“It seems like there’s a new social network startup every day.” He was right, and the question he was about to pose was nothing new; it was a question echoed by inquiring minds all the time.
“What makes a startup successful (or not)? More importantly, how do we freakin’ keep up with all of (the networks/apps1) and join early enough to be cool?”
His question was asked in relation to Instagram and who could blame him? Photo-sharing app + networks are a dime a dozen with new ones popping up daily, each one claiming to be the new (and improved) Instagram. It’s worth noting, however, that this question applies broadly to any type of quick moving industry. After mulling the question over, I think I’ve devised an answer2 that should help shed some light on this topic.
Step 1: Figure out where you fall on the diffusion of innovation bell curve.
It’s important to be brutally honest when determining where one falls on this chart. Try to separate any/all connotations you may have attached to the labels and just figure out when you’re most comfortable adopting technology. The more accurate you are the more you’ll enjoy your app adoption pace. I tend to fall towards the lower end of the Early Majority segment.
Step 2: Break your digital world into categories.
For the purpose of this piece, I’ll focus on apps. Your world of apps needs to be organized so it’s easier to see what fits and what doesn’t. Don’t use vague categories like ‘Utilities,’ use specific categories like ‘Photo Editing.’
Step 3: Figure out which apps works best for certain, specific tasks.
I use email constantly so I’ve adopted Mailbox as my email app. For daily calculations, Apple’s native calculator app does the trick just fine.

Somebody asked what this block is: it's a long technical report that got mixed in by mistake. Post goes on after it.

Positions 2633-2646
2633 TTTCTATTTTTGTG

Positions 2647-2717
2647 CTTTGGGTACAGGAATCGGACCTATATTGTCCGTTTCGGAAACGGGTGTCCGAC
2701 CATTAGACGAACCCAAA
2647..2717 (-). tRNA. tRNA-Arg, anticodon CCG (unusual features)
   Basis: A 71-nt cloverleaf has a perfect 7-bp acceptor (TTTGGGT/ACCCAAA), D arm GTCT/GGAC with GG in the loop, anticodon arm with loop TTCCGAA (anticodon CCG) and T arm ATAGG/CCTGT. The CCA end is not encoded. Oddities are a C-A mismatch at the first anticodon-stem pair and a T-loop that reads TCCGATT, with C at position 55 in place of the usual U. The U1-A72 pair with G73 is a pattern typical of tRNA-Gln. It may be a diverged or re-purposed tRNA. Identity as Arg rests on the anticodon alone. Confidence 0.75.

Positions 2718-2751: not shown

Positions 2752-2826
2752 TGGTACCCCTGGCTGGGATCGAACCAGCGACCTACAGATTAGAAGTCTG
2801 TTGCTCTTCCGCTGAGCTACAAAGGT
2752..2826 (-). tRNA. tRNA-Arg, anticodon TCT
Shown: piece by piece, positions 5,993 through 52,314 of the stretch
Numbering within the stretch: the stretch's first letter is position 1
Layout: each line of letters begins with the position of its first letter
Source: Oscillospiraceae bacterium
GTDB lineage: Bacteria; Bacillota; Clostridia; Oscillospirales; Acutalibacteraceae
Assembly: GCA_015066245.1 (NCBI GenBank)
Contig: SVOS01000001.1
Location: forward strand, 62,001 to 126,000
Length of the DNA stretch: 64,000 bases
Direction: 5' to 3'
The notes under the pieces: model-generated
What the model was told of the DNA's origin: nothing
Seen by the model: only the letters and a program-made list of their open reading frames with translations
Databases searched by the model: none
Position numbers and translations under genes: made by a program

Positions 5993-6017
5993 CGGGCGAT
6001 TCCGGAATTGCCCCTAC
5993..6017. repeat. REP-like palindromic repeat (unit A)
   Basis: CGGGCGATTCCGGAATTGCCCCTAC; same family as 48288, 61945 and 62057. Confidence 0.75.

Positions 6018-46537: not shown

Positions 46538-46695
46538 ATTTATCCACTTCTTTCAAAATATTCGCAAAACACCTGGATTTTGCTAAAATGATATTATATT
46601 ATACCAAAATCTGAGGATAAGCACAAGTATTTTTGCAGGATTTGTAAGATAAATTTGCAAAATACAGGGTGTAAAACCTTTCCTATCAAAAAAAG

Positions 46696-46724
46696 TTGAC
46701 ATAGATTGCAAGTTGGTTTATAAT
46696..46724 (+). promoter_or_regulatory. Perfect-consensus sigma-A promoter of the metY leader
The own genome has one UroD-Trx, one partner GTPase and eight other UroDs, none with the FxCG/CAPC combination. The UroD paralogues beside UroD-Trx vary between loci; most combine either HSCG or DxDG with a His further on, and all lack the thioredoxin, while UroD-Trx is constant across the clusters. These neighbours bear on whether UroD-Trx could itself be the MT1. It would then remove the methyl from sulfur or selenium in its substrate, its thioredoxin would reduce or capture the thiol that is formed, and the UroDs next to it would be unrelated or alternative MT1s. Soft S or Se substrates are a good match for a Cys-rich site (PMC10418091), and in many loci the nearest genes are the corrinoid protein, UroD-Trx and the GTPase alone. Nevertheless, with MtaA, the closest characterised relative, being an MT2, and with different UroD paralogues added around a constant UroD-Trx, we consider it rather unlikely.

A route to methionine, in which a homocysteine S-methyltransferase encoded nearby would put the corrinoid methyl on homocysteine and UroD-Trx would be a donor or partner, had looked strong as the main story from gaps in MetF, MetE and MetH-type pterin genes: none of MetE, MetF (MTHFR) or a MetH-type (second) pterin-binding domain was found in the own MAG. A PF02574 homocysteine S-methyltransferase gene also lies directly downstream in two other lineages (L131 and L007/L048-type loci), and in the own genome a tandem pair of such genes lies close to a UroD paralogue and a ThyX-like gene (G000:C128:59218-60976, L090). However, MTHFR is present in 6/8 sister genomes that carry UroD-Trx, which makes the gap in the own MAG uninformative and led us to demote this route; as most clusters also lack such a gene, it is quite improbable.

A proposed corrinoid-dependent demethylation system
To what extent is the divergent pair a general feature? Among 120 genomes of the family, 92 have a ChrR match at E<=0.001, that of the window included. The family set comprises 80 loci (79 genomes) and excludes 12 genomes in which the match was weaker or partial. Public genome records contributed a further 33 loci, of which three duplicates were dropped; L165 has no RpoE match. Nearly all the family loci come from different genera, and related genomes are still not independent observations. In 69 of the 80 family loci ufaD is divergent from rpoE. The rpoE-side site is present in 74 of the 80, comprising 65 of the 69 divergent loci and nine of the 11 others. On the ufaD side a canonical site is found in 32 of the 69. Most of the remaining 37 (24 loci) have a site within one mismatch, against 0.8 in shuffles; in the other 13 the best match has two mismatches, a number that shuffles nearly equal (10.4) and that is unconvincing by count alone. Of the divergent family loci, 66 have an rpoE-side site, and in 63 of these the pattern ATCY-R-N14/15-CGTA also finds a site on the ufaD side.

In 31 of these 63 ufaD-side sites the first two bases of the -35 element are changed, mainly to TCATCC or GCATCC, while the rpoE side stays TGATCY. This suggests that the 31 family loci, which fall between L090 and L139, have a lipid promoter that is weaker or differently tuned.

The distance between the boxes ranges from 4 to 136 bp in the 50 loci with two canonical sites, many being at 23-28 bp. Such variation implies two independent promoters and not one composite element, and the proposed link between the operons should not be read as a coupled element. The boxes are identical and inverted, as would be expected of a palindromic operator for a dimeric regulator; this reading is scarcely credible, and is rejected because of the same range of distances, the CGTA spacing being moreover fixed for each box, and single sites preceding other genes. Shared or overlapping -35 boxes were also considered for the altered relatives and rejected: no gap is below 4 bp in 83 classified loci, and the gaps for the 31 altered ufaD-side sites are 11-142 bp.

When it comes to social networking, the concept is similar. First you must establish a healthy ratio of time spent on vs. off social networks. In my daily routine I’ve found that I have 5 spots for social networks:
-Primary Social Network: This is the app I open, check, look at, and post to the most.
-Secondary Social Network: This is the app that compliments my primary network.
-Tertiary Social Network: This app is used sometimes, but not very often. Normally I only check this one when it notifies me someone is interacting with me.
-Quaternary Social Network: This network is more of a hobby, and is checked infrequently.
-Rotating 5th Social Network: This is really a space, a slot that I use to test out new networks + apps.
Let’s run a scenario to help make this more clear. Twitter is currently my Secondary Social Network. I’ve found that Tweetbot is the best Twitter client for my purposes. Now let’s suppose a new Twitter client called “Tweet-tastic” comes along, and it’s getting a lot of press. I would install said app and put it in my 2nd spot and use it in lieu of Tweetbot to see if it held up under my rigorous daily routine. If It turns out to be better, I’d replace Tweetbot with it. If not, I’d get rid of it. Same goes for new startups. If a new social network crops up, let’s call it 24/7STATUSUPDATES, I’d put that app in the 5th spot to see if that particular network was worth investing time + energy into, and whether it should replace one of the top 4 networks. If so, in it goes. If not, it gets deleted.
Questions you might have.
How long do I give an app? Usually a week or so. That’s enough time, in my world, to figure out whether it’s going to fit into my life.
How frequently do I try new apps? This directly relates to Step 1. If you’re an Early Adopter, you’ll constantly be trying new apps; that’s what being an early adopter is. The farther along the bell curve you fall, the slower you’ll switch out and try new apps.
How do I decide what goes in the 5th slot? I read a lot of tech blogs so good press can get an app into that 5th slot. If you world isn’t peppered with lots of tech news , make friends with a techie who stays up on that kind of thing and ask him or her to recommend apps to you. Trust me, techies are happy to share.
Remember: only replace an existing app (or your free time) with a new app if you’re very sure it’s something you want to spend time, effort and energy on. Free time is valuable, don’t waste it with frivolous apps.
1Don’t let the term ‘network’ throw you off, it is often synonymous with ‘app.’ An app can contain a social network (e.g. Instagram) but a network isn’t necessarily equivalent to it’s app (e.g. I use an app to access Twitter but that app isn’t ALL of Twitter, it’s just a portal).
2It’s more of a workflow for the mind.